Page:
North Africa’s Returning Fighters


    The Islamic State’s (IS) territorial demise in Syria is now inevitable. IS fighters have started to flee, leaving them scattered around in Syria and Iraq. Others are set to return to what they once called home. Many of which back to Europe – which has gained much attention. More of which back to North Africa – where IS could remobilise.

    Adding to the Ranks

    A vast number of foreign fighters in Syria and Iraq come from the Maghreb and the Greater Sahara region. Among these countries, Tunisia and Libya have some of the highest rates of foreign fighters with Tunisia having the highest rate per capita in the world with roughly 6000. One explanation for this is that the Arab Spring which successfully toppled regimes in Egypt, Tunisia, and Libya implemented a mindset for many in which they now consider it their duty to overthrow illegitimate regimes and oppose unwelcome regimes. An Algerian regional jihadism researcher called them the modern Che Guevara’s.

    Additionally, the region is considered prone to radicalization because of social grievances and exclusion, while Salafist-jihadist networks in the region have increased their reach since the Arab Spring. This poses two problems for the region: Dealing with the returning fighters, and with those that never left. Because the combination of the two can become a major security threat. Returning fighters can contribute to already existing networks and affiliates with their combat experience by teaching and training the already radicalized in the region. Returning fighters can further inspire those who are yet to take to arms within these networks.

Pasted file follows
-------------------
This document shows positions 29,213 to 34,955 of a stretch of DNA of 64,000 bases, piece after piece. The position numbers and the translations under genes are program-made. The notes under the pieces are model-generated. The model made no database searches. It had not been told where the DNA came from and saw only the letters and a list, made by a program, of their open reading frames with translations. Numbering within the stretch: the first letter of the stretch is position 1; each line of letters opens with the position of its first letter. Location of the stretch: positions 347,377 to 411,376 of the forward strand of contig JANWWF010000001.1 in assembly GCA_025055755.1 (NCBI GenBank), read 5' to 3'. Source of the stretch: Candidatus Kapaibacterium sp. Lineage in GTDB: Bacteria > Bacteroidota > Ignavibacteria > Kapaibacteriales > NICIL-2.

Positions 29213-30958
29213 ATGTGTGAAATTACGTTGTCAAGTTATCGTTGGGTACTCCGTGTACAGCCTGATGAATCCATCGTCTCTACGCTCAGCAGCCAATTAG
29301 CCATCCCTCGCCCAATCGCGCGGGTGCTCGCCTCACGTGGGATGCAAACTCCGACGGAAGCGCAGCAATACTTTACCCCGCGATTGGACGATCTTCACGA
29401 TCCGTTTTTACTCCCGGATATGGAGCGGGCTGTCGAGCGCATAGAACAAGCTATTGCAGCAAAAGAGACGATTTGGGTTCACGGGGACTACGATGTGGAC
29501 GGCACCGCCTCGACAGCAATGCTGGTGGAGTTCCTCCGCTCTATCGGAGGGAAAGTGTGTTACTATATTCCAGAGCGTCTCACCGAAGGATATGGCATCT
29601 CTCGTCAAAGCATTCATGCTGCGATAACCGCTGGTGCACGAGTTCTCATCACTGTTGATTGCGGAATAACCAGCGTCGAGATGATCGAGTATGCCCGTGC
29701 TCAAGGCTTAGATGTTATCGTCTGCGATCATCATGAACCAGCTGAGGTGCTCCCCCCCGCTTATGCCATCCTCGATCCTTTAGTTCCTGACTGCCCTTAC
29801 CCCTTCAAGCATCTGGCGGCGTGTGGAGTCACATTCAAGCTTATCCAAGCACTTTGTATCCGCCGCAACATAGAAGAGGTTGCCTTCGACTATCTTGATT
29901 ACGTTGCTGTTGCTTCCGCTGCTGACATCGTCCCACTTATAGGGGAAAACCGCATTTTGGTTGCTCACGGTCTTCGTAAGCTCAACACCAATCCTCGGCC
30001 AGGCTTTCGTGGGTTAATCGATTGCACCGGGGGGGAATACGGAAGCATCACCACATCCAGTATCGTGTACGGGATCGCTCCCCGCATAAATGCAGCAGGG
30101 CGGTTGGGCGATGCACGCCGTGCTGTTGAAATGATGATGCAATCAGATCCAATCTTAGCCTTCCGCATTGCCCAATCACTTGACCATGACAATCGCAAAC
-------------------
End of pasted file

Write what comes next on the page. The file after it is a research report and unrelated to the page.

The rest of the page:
Territory to Dominate

    North Africa’s proneness to IS lies not only in the possible mobilisation of fighters in the region but also in the large power gaps. IS has exploited this before in Libya. They were, however, driven out of Sirte and the surrounding areas by Field Marshal Haftar in 2016. Porous borders in Sahara contributes to establishing lawless areas that militias and criminal groups can dominate.

    Among these power vacuums are southern Libya, which despite being ‘saved’ by Haftar recently, remains largely ungoverned in border regions. UN members have warned about IS’ determination to rebuild its capabilities in Libya. From these border regions, an organisation like IS can operate cross-border into western Egypt, where they struck in late 2018. By crossing the border to Sudan, IS could mobilise fighters from Darfur where many fighters in Libya originated from. In the northwest IS could reach Tunisia who also contributed greatly with fighters in Libya, as well as in Iraq and Syria.

    While right across the border, in Niger, is where the IS wilayah in the Greater Sahara (ISGS) is based. ISGS operates from Niger and across the border into Burkina Faso and Mali, and from Mali into Mauritania. Libya also borders to Chad which host Lake Chad basin where IS West Africa Province (ISWAP) has their stronghold. Effectively, a group capable of exploiting these power gaps and control a large territory, which IS has proven capable of, could dominate the Sahara and its surroundings.

    In such, returning IS fighters and the experience they bring back to North Africa can bring dangerous developments due to these very territorial gaps and socio-political discontent in the region which has led people onto a radical path. The core of IS are aware of this too, as Northern African security officials have noted – IS has not disappeared, they have dispersed into Sahara and the Sahel.

    Image: Image: Al-Masdar News (link)

    Fredrik Hellem
    Fredrik Hellem
    Served in the Norwegian Military Intelligence Batallion. Former student at Aberystwyth University and St Petersburg State University, currently studying MA Intelligence and Security Studies at Brunel University London.

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